Photography Business Website Review with Kirk Mastin

Photography Business Website Review with Kirk Mastin | Mastin Labs

Your website is one way potential clients can get to know you and size you up against your competition. If you aren't putting your best face forward with an informative and easy-to-navigate website for your business, you could be slashing your earning potential.

Mastin Labs CEO Kirk Mastin is a veritable fountain of website wisdom, which he has shared in the community website critique video you can find here. Watch the video to see his full critiques of two wedding photographer's websites and find the Cliffs Notes version below.

Every website has six factors to analyze to make sure you're offering your potential clients everything they need to make an informed decision about your services while avoiding mistakes that step on your own toes.


Keep it simple! Above all, you want to make sure that a visit to your website a straightforward experience. Less is more, and including too many options can give potential clients "analysis paralysis" and drive them away. Don't forget to make it easy to see your location - if someone wants to book you but can't tell if you're five or five thousand miles from them, they may move on.

Image Galleries

As with the site's overall navigation, it's better to keep things on the sparse side to keep from overwhelming your site's viewers. Showing too many images can water down your brand and make it harder to see just what it is that makes you the best choice. Coco Chanel famously said, "Before you leave the house, look in the mirror and take at least one thing off," and you can say the same of image galleries. Leave only the best, and only show the type of work you want to shoot more of because what you put out there is what clients will hire you to do again.

Bio Page

There are so many photographers out there that it's hard to create work that someone else couldn't make. There's one thing nobody else can do, though, and that's "be you." Your bio page is your opportunity to show someone who's looking to hire a photographer who you are. Clients want to know if you're someone they'd enjoy spending time around and can make them feel comfortable in front of the camera.

Don't make your bio a novel - your site visitors aren't going to read Dostoyevsky to distill the essence of what you're trying to say about yourself. Do include a great photo of yourself, a picture is worth a thousand words, after all.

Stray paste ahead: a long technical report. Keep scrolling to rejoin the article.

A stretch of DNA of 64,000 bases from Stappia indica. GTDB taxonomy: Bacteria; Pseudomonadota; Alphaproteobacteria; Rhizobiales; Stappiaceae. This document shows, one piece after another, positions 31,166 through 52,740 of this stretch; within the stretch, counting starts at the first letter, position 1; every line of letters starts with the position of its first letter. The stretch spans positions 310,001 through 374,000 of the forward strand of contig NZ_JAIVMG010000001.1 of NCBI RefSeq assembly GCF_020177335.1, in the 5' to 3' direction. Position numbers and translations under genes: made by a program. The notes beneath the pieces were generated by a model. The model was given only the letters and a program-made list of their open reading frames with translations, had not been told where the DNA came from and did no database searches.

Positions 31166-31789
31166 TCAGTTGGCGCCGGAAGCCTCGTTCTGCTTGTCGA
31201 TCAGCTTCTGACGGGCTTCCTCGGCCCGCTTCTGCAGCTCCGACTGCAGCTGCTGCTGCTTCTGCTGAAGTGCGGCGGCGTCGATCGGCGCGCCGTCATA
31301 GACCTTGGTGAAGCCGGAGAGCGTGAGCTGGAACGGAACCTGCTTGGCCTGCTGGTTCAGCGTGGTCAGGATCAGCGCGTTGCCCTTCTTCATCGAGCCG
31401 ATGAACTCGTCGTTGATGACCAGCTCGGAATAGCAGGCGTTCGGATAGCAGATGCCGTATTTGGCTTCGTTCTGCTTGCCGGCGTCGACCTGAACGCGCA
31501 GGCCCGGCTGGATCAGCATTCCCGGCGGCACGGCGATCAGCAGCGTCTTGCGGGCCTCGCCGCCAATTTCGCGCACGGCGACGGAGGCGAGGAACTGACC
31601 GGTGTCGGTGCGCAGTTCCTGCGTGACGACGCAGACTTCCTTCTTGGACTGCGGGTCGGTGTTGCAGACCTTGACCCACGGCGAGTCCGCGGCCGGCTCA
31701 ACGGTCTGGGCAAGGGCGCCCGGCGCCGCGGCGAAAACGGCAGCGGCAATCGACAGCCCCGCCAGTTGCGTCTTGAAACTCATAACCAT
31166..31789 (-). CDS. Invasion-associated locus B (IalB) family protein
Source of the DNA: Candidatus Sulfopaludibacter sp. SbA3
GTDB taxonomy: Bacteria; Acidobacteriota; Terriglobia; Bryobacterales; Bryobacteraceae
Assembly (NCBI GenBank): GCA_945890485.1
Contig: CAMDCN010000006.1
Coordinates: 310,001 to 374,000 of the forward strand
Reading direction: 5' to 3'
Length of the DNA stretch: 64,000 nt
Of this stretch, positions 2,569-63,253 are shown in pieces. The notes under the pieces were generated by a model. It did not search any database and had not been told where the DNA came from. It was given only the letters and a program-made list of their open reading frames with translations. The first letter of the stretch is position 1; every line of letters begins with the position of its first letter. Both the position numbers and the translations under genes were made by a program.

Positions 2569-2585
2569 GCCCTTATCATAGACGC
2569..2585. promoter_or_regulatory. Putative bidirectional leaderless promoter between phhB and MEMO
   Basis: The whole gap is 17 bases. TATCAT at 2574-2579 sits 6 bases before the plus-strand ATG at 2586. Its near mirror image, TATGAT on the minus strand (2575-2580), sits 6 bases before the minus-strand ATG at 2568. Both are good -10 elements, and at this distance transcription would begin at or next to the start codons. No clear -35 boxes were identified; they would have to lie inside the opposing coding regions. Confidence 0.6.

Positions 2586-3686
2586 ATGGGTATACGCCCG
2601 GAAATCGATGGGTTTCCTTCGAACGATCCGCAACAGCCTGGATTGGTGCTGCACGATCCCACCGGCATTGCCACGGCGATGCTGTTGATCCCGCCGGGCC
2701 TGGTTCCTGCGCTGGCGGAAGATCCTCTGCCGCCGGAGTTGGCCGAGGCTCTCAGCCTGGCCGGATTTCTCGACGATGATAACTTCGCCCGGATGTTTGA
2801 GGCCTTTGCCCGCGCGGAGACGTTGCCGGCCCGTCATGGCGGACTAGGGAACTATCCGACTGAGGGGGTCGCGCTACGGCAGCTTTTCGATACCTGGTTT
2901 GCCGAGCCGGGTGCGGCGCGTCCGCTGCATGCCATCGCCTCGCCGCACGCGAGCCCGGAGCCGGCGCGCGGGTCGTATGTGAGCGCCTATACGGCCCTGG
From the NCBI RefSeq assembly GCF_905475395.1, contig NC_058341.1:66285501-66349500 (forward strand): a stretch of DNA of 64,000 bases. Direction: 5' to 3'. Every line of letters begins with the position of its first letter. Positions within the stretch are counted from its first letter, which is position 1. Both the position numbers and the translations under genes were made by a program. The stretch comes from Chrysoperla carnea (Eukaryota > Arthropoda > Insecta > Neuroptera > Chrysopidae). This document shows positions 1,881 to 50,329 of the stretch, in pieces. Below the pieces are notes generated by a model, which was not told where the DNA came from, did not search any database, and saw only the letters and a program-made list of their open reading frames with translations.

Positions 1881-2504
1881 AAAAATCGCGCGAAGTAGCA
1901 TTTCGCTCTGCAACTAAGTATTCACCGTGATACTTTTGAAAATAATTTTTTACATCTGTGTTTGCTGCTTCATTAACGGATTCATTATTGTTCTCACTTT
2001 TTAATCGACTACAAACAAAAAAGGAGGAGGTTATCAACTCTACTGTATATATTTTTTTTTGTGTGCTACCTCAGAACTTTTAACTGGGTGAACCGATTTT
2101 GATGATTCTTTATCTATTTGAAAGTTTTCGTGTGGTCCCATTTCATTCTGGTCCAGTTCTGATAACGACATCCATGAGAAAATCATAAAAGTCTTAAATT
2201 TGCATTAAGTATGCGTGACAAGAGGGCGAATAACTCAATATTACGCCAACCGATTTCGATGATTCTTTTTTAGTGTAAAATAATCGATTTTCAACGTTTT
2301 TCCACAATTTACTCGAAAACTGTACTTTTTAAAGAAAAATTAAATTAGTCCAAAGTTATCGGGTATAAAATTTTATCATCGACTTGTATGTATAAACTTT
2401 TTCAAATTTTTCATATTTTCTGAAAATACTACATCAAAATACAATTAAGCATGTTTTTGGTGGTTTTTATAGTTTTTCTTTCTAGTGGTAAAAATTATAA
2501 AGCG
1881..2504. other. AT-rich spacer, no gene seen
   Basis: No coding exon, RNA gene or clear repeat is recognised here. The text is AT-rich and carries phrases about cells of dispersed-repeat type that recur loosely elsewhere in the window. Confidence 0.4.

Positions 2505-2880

Pricing Page

There are two schools of thought on pricing pages. Some photographers prefer not to use them in favor of having people reach out for consultations where you can talk to them directly about why they should hire you. Kirk prefers the second approach of posting pricing; it eliminates the need to spend time consulting with people who are window shopping and looking for something in a different budget range.

Beyond that, showing high prices can establish your services as a luxury purchase. It seems counterintuitive if you're used to looking for the best bargain (or being contacted by bargain shopping would-be clients,) but there are clients who feel more comfortable with a high price as an assurance of quality. If your work is impressive, but you put a low price tag on it, people are going to wonder what's wrong.

Beware of listing too many products and packages. It's that overarching theme of the whole website lesson: simplify, simplify, simplify. Three packages are ideal - a top tier for the people who want the very best, a bottom tier for those who want to book you but simply don't have as much budget, and a "Goldilocks" middle tier that most people will choose.

Mobile View

Mobile devices are how most people are viewing the internet most of the time. It's likely this is the way prospective clients are going to see your site. We lead busy lives, and people are browsing with their phones on their lunch breaks or the bus ride home, and they're clicking links from your Instagram or other social media while they're looking around.

Most site builders will have a built-in mobile view that works wonderfully for site visitors on mobile devices. Still, you need to look at your site in a mobile mode to make sure important things aren't changing in ways that don't look right or inhibit functionality. If you're working on your site on a desktop computer and want to take a quick peek, in many browsers, you can make your browser window phone-shaped, and it will change to a mobile view.


Entering metadata for your site will help you come across as a polished professional. It will affect how Google reads your website and presents it when your site comes up in a search, and how it presents when linked on social media. Different site builders will have different ways of entering metadata, so check the FAQs for yours to see how to do this part.

The Takeaway

Here's the bottom line: the website for your photography business needs to be as confusion-free and straightforward as possible. The goal is to come across as the professional who's the best fit for the job, and you want to do it with as few barriers as possible. Make it easy for clients to see exactly what you do and who you are. Contacting you should be pain-free. Every single thing that makes the experience of viewing your work, ascertaining your location, and talking to you about booking diminishes contacts. Make your website awesome with these tips and watch the leads roll in.